Seems like news about a new superfood comes out once a week. Broccoli, oats, spinach, tomatoes, blueberries, pomegranate juice, blackberries, garlic, almonds, and fish oil, just to name a few, have all had their 15 minutes of food fame.
The health benefits of all of the above have been pretty well documented, which was why hearing that pistachios were the latest nutritional miracle didn’t come as much of a surprise.
What was surprising, though, was the impressive evidence behind the claims. Let me give you a few examples–all taken from reputable studies:
- Men 38-59 with erectile dysfunction who at 3.5 ounces of pistachios every day for three weeks, saw improvements in erectile function and sexual satisfaction (that may explain why some people call pistachios the “love nuts”).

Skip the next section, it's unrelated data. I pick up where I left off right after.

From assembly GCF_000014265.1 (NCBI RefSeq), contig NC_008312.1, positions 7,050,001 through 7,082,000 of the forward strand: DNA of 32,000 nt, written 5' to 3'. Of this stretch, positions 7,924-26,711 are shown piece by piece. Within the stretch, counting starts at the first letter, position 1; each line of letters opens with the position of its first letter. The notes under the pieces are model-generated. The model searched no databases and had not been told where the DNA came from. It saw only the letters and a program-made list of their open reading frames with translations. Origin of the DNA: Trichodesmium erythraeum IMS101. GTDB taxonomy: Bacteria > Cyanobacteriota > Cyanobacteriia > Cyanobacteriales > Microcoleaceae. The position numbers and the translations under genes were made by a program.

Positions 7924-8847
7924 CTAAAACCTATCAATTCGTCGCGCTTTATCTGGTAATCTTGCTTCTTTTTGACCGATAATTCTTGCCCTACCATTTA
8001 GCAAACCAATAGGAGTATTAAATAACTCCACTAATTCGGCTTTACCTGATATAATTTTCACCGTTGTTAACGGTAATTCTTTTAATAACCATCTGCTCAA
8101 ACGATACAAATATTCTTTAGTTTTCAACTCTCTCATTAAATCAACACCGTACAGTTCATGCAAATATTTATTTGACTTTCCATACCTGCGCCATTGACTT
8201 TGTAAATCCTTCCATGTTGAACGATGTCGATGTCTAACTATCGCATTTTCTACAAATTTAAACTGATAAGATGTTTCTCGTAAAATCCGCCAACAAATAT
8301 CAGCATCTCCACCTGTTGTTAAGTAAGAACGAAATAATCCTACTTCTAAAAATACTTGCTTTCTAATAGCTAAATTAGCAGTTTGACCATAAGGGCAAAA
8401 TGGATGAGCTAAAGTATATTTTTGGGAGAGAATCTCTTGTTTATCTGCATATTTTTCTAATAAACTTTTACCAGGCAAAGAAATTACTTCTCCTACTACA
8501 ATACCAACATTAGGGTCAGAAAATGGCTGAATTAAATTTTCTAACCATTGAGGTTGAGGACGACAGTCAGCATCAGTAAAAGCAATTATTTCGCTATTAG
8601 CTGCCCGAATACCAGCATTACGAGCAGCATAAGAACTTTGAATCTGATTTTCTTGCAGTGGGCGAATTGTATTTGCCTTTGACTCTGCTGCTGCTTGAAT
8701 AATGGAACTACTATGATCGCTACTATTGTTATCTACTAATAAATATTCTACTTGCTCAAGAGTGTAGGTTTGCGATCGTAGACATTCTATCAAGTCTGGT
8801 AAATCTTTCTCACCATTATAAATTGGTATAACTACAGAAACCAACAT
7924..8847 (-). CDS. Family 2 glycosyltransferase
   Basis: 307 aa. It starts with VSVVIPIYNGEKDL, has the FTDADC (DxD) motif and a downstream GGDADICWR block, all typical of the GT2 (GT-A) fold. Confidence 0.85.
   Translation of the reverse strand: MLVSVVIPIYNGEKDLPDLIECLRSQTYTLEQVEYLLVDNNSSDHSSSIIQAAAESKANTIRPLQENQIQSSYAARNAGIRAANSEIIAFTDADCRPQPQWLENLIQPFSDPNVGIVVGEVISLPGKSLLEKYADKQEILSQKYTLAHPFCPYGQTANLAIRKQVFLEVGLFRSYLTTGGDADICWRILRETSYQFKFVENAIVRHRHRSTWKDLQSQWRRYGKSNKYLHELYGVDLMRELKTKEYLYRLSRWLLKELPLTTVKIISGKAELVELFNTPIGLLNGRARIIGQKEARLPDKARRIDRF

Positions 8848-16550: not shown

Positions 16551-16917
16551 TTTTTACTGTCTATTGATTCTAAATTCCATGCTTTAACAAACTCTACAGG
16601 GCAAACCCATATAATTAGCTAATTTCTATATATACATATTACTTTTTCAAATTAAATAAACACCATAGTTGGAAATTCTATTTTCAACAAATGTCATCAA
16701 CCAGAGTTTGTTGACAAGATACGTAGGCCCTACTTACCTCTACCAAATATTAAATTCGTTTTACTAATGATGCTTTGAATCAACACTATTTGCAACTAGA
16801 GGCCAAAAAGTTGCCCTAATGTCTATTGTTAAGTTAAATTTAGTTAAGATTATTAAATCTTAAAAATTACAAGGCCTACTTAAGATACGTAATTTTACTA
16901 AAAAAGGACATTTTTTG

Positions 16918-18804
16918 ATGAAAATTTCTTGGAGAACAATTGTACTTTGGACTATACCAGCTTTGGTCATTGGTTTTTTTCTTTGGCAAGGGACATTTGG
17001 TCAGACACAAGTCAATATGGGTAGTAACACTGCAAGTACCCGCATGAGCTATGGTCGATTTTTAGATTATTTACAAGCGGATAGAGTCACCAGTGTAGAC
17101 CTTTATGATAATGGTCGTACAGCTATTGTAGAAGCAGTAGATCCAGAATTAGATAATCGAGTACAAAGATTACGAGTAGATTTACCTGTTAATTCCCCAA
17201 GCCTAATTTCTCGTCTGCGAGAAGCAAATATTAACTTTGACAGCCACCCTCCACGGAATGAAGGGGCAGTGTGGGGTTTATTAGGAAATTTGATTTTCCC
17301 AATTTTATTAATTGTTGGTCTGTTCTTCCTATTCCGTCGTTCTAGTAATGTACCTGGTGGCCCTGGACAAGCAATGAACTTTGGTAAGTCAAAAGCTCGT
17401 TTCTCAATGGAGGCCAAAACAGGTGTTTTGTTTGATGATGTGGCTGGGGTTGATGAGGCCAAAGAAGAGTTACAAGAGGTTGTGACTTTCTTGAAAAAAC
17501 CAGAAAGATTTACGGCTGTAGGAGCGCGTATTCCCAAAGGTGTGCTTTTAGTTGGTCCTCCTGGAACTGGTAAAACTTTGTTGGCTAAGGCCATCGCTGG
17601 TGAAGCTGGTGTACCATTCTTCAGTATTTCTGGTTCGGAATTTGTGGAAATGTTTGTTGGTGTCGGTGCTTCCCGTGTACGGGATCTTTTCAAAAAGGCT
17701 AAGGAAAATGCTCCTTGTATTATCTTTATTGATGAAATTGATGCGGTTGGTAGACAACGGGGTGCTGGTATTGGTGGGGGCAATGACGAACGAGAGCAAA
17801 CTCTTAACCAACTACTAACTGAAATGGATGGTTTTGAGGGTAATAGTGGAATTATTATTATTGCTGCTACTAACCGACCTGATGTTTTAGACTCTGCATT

- According to the US Department of Agriculture (USDA) the fat in pistachios isn’t completely metabolized, meaning that eating pistachios may not be as calorie intensive as was originally thought.
- The process of taking each pistachio out of its shell slows down the eating process and may help you enjoy your food more and reduce the chance that you’ll overeat.
- Pistachios have more antioxidants per 100 grams than blueberries, blackberries, garlic, and pomegranate juice.
- A 1-ounce serving of pistachios (that’s about 49 nuts) provides more dietary fiber than 1/2 of cooked broccoli, the same amount of protein as an ounce of soybeans, “good” fats: 7 grams of monounsaturated and 4 grams of polyunsaturated fat, as much potassium as half a banana.
- Pistachios are cholesterol- and trans-fat free.
- As part of an overall heart-healthy diet, pistachios can help manage cholesterol levels, inflammation, and blood vessel health.
Be careful, though. Pistachios are tree nuts, so if you’re allergic, you’ll want to stay far away from them. And of course, before you start making any changes to your diet, be sure to talk with your healthcare provider.
You can get more info–including recipes–from the American Pistachio Growers at AmericanPistachios.org.